For a long time, Intel (INTC) and Advanced Micro Devices (AMD) have been nemeses in the x86 CPU (central processing unit) space. As they operate in a duopoly market, one’s profit is the other’s loss. AMD once lagged behind Intel in terms of performance and technology, helping Intel gain market share and expand its margins. However, the tables turned in 2017, when AMD launched Ryzen CPUs to compete with Intel’s Core CPUs. And this year, AMD overtook Intel with the launch of its 7nm (nanometer) Ryzen 3000 series. Intel has just started with its 10nm Ice Lake mobile CPUs. All of these factors are contributing to a possible AMD-Intel price war.
In its SEC filing, AMD said, “Over the life of a specific product, the sale price is typically reduced over time. The introduction of new products and enhancements to existing products is necessary to maintain the overall corporate average selling price.” It added that if it doesn’t increase ASPs (average selling prices) by introducing new products or increasing unit volumes, its earnings could suffer.
Until 2017, AMD’s delayed product launches limited its ability to increase ASPs, and its outdated technology reduced demand for its products. However, the tables turned with the launch of Ryzen. AMD launched its 7nm Ryzen 1000 series in 2017, 12nm Ryzen 2000 series in 2018, and 7nm Ryzen 3000 series in July. Meanwhile, Intel launched its 14nm++ Coffee Lake and Coffee Lake Refresh processors in 2017 and 2018, and faced a CPU supply shortage last year. In the second quarter, Intel’s lack of new products started to impact its ASPs, and they fell sequentially. Although ASPs for AMD’s PC CPUs also fell in the second quarter, that decline was due to a larger mix of narrow-margin laptop CPUs.
Could Intel resort to a price war to compete with AMD?
Intel has launched its 10nm Ice Lake mobile CPUs this year, but has no other 10nm launches in sight for 2019. In comparison, AMD has launched 7nm desktop and server CPUs and plans to launch mobile and workstation CPUs in the near future. Both AMD and Intel are accelerating their technology transition. However, as it may take Intel several years to regain its technology lead, could it resort to price war to protect its market share?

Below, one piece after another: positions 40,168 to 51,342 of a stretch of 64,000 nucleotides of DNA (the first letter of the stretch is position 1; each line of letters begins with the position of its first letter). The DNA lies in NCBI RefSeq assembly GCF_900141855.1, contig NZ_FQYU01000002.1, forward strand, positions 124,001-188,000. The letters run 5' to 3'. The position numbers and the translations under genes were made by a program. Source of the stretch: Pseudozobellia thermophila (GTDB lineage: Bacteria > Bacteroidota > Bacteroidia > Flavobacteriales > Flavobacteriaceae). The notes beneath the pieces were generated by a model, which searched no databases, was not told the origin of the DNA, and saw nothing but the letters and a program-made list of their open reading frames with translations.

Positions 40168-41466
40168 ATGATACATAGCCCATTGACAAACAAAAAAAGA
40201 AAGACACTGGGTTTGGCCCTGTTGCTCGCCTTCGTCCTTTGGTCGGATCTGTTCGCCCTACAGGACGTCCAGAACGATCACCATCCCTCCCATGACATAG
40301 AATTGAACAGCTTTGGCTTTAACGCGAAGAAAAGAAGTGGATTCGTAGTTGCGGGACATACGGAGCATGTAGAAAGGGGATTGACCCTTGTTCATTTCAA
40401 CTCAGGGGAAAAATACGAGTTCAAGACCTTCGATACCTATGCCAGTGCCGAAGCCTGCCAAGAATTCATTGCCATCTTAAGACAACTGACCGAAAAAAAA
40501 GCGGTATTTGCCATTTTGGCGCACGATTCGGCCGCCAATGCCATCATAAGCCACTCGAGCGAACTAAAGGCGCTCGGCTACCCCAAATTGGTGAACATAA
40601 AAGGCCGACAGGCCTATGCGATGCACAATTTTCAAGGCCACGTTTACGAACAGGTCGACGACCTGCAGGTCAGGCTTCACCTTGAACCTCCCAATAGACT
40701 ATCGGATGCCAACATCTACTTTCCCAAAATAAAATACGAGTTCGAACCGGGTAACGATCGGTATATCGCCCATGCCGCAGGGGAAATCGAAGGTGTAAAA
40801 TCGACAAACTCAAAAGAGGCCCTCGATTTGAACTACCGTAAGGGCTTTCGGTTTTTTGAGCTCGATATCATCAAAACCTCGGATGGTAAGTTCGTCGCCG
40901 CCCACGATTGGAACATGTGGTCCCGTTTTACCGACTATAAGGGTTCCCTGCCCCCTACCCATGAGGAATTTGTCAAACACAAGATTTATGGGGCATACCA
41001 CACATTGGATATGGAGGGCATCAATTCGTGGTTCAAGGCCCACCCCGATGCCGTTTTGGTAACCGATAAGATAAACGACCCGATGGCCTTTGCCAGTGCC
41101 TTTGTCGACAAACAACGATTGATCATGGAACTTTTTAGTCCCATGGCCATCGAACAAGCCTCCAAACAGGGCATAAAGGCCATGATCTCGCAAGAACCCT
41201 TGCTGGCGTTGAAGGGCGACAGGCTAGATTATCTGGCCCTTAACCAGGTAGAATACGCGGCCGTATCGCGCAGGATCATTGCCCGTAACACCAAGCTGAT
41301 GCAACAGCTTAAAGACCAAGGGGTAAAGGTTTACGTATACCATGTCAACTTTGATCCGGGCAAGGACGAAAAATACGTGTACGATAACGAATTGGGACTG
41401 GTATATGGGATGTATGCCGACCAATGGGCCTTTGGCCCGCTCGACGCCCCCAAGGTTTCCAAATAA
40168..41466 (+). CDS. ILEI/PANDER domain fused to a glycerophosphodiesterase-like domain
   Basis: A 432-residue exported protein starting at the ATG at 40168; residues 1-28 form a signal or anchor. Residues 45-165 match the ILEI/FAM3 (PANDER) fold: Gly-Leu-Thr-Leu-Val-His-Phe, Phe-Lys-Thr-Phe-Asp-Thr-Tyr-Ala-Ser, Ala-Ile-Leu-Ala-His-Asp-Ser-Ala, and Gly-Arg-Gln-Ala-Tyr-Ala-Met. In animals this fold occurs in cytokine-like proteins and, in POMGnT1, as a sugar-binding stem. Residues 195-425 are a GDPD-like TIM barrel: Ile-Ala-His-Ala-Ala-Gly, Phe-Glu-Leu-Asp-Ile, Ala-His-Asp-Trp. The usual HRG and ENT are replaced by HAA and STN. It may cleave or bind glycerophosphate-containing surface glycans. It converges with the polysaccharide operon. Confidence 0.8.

Price wars can involve both direct and indirect pricing strategies. AMD’s strategy has been to deliver better performance at a lower price. And in the past, Intel resorted to price cuts to take away market share from AMD. In its SEC filings, AMD noted that Intel’s “rebating and allocation strategies and pricing actions” could limit its market share and margins. Since 2017, Intel has responded to AMD’s competitive Ryzen products by introducing different products at various price points. As a result, it avoided direct price cuts.
The launch of AMD’s 7nm Ryzen CPUs fueled rumors that Intel might cut CPU prices by 10%–15%, but Intel’s updated August CPU price list shows no change in its recommended customer prices. However, Intel offers significant rebates and special incentives to Tier 1 PC manufacturers and distributors, reducing the retail price of its CPUs. Tom’s Hardware noted that Intel’s i9-9900KF, which has a tray price of $488, was being sold at $420 on Newegg in July. The CPU is selling for $479 this month.
The growing competition from AMD is putting pricing pressure on Intel. However, Intel may not cut prices directly this time, as AMD has a cost advantage. Because AMD’s chiplet strategy enhances its manufacturing yield, its production costs are lower than Intel’s. Year-over-year, AMD expects its manufacturing costs to fall and gross margin to expand from 39% to 42% this year.
Meanwhile, Intel’s costs may only rise as it accelerates its transition to advanced nodes. Intel CEO Bob Swan has even reduced the company’s gross margin outlook for 2021 to as narrow as 57%, compared with 63.3% in 2018. If the company resorts to a price war, its gross margin could deteriorate further, impacting its stock price.